Jay Dillon, Cobb County schools spokesman

From an email to the AJC Wednesday: Based on the weather reports and other information we had late Monday night and into Tuesday morning, there was no reason for us to believe that a major weather event would impact the northern Atlanta suburbs the way it did... . Had the forecasts suggested that would take place, we would have canceled school.
    Alvin Wilbanks, Gwinnett

From an interview Thursday: We were discussing 4 a.m. in the morning [Tuesday] about the day, and we decided according to all reports we could get, we could get a day of school in... . The overwhelming majority of our students were home on time   [Gwinnett had comparatively few problems on Tuesday, as did DeKalb.]
      Stuart Gulley, president, Woodward Academy

Letter to school community Wednesday: I apologize. Words cannot express fully the deep regret I feel for the unimaginable horror so many members of our community experienced yesterday in their commute home. Hindsight is always much clearer, and from that perspective the decision to release at 1:40, even to have conducted school at all, was wrong... . We have (and will) learn lessons from yesterday  s episode.

Lin-Sheng Lee still had seven teenagers on his bus when he got stranded.
Little heat on the bus. Eighteen degrees outside. Stuck in the dark on the on-ramp from Ashford-Dunwoody to I-285: no cops, no rescue, no options.
Three hours come and go. About 10:30 p.m., three young people emerge from the dark and tap on the bus door.    We have food,   they say. Lee replies,    Oh my God   and gratefully accepts the candy bars and water.

Midnight: still no rescue. The kids are tired, hungry and desperate for a bathroom. The cold is just getting worse.

School districts in metro Atlanta made the spectacularly bad decision to open on Tuesday    a fateful call that meant the central offices were disconnected from key decisions made Tuesday evening. Instead, life-and-death decisions about children fell to people like Lin-Sheng Lee the bus drivers, principals, teachers and school staff, all pushed into impossible and sometimes terrifying quests to return students to their families.

That no children died or were even seriously hurt is testament to the caring and resourcefulness of those frontline workers    and reflects no small amount of luck. TEN THOUSAND children in Atlanta, Fulton, Cobb, Cherokee, Douglas and Marietta had not made it home as of 9 p.m. Tuesday. At Marietta High School, culinary arts students took to the kitchen and cooked for stranded classmates. Contrast that with Atlanta, where cooks at the city jail prepared food for some of the stranded kids and police delivered it. Scores of buses, including about 80 in Atlanta alone, were abandoned on the roads.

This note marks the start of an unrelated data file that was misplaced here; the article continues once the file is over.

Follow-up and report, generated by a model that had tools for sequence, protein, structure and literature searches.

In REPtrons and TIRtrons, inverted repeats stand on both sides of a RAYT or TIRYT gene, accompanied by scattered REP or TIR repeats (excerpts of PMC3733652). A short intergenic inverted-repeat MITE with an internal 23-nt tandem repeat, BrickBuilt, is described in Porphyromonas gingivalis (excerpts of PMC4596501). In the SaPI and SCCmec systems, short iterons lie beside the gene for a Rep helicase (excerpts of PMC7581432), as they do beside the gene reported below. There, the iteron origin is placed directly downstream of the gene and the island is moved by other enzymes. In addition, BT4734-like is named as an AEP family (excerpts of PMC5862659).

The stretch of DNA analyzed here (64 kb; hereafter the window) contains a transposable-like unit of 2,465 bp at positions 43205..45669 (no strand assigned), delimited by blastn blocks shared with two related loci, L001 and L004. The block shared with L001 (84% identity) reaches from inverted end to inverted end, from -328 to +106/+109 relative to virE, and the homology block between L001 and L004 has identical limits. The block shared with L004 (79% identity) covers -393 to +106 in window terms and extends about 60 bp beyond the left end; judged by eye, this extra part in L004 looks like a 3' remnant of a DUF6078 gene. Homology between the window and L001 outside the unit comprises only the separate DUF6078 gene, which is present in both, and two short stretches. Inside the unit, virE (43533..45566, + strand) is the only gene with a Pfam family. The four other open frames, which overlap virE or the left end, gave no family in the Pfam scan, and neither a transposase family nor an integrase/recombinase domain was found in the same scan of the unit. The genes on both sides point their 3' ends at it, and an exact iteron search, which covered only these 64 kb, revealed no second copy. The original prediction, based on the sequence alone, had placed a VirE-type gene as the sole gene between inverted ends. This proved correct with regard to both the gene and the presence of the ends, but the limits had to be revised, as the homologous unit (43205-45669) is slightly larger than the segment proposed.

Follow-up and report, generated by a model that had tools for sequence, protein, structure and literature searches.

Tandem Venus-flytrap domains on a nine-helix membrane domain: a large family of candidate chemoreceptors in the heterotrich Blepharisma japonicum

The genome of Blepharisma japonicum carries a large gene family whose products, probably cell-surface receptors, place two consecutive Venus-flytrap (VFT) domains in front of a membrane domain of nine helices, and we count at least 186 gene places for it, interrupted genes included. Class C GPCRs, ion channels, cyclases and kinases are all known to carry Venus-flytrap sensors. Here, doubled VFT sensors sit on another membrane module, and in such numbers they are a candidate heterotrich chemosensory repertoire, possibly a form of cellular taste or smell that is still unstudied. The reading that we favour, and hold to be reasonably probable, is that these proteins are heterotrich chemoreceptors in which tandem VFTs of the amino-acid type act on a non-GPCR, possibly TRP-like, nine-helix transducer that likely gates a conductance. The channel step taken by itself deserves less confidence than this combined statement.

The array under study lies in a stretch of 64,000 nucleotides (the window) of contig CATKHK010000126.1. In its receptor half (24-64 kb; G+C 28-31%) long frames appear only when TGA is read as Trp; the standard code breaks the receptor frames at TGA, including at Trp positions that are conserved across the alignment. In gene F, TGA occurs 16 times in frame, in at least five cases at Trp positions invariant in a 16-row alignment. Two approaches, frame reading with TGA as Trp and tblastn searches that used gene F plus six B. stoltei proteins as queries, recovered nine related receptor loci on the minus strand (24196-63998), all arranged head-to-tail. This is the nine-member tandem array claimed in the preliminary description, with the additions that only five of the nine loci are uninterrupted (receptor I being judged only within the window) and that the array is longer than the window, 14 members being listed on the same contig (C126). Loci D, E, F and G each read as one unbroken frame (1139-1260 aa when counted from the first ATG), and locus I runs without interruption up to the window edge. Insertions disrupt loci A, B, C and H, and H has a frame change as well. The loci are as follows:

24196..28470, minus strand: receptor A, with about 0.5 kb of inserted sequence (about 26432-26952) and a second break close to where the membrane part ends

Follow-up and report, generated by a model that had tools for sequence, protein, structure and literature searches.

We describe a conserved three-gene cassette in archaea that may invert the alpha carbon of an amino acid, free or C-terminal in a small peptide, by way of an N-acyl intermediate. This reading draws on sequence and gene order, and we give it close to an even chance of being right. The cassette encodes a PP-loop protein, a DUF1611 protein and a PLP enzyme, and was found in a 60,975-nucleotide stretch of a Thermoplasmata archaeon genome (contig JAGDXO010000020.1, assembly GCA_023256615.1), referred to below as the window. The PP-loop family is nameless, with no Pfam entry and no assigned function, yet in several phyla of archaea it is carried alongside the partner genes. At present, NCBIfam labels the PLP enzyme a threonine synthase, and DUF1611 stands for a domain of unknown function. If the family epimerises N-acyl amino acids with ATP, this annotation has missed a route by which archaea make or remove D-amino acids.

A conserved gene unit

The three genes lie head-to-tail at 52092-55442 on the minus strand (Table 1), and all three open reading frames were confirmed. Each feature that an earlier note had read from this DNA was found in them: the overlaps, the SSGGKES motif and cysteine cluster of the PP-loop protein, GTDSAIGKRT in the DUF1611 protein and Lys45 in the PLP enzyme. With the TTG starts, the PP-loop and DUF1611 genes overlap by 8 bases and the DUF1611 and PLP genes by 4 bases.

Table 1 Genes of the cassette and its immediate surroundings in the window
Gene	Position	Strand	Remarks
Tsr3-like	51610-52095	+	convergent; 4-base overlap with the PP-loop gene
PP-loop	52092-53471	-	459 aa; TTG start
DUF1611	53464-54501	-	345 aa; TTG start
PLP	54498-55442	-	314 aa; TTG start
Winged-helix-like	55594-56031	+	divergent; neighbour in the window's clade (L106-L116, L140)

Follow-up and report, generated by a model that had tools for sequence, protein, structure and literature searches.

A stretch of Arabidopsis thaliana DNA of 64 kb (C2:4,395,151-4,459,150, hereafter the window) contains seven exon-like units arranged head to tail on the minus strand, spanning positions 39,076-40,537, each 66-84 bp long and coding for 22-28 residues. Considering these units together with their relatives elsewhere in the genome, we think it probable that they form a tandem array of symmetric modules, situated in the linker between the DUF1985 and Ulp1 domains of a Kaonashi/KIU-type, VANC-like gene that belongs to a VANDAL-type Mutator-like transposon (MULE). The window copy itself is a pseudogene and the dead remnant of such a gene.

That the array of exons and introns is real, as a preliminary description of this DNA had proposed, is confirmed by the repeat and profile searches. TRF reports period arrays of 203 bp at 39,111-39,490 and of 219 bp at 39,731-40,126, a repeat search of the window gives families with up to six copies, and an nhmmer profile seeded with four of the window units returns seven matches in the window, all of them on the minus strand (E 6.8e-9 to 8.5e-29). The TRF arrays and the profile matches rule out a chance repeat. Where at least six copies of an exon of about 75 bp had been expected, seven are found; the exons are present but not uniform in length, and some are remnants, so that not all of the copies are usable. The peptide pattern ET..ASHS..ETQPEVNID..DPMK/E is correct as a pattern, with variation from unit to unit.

The driver stayed with him all night.

The number of children stranded was highest in Fulton County: 3,145, of which 239 spent the night on buses. At south Fulton  s Westlake High School, cafeteria manager Henry Smith made it home but then decided to walk back to school in the snow. He prepared 800 dinners and then 450 breakfasts.

In North Fulton, Centennial High normally has 50 buses. On Tuesday, only five made it to the school. Some drivers struggled through traffic even to get to the bus yard. Then it took them hours to get to the school, if they made it at all. At one point, administrators decided to allow some kids to walk home. The few buses that did arrive packed students on, even those not on their regular routes, and tried to get them as close to their homes as possible.

But there were still more kids than bus seats, and it became clear that some students would not make it home. That included close to 30 special-needs students. Some in wheelchairs. Some with medication needs. Others with special diets.

Teachers and staff took sheets and blankets from the school  s health care occupation program and sanitized gym mats so the students would have a place to sleep. They walked through the snow to pick up 50 pizzas at a nearby shop that was open. They also trekked to a nearby Kroger to collect emergency prescriptions.

When cell phone service was not jammed, the staff called parents to check in and texted photos home to give some comfort.

I know how these parents feel,   said Diane Nadler, a paraprofessional who works with special needs kids and chose to stay the night to help.    I  d do what I want someone to do for my child.  

Having to figure it out on our own.

Teachers and drivers with children in their care figured out solutions on the fly wherever they found themselves. The hard part, for some, was the sense that they had no backup, no matter how bad things got.

Around midnight, Lin-Sheng Lee got another knock on his bus door. It was the same three youths who had brought snacks hours earlier, back with more food.

Soon, Lee got the call he  d been waiting for: the DeKalb County police were nearby.

They couldn  t reach the bus, and he was instructed to walk with his charges back up the ramp. Up they trudged. Lee, 65, was worried until he saw the flashing blue lights. The best part of the rescue, he said, was that    the car was warm.  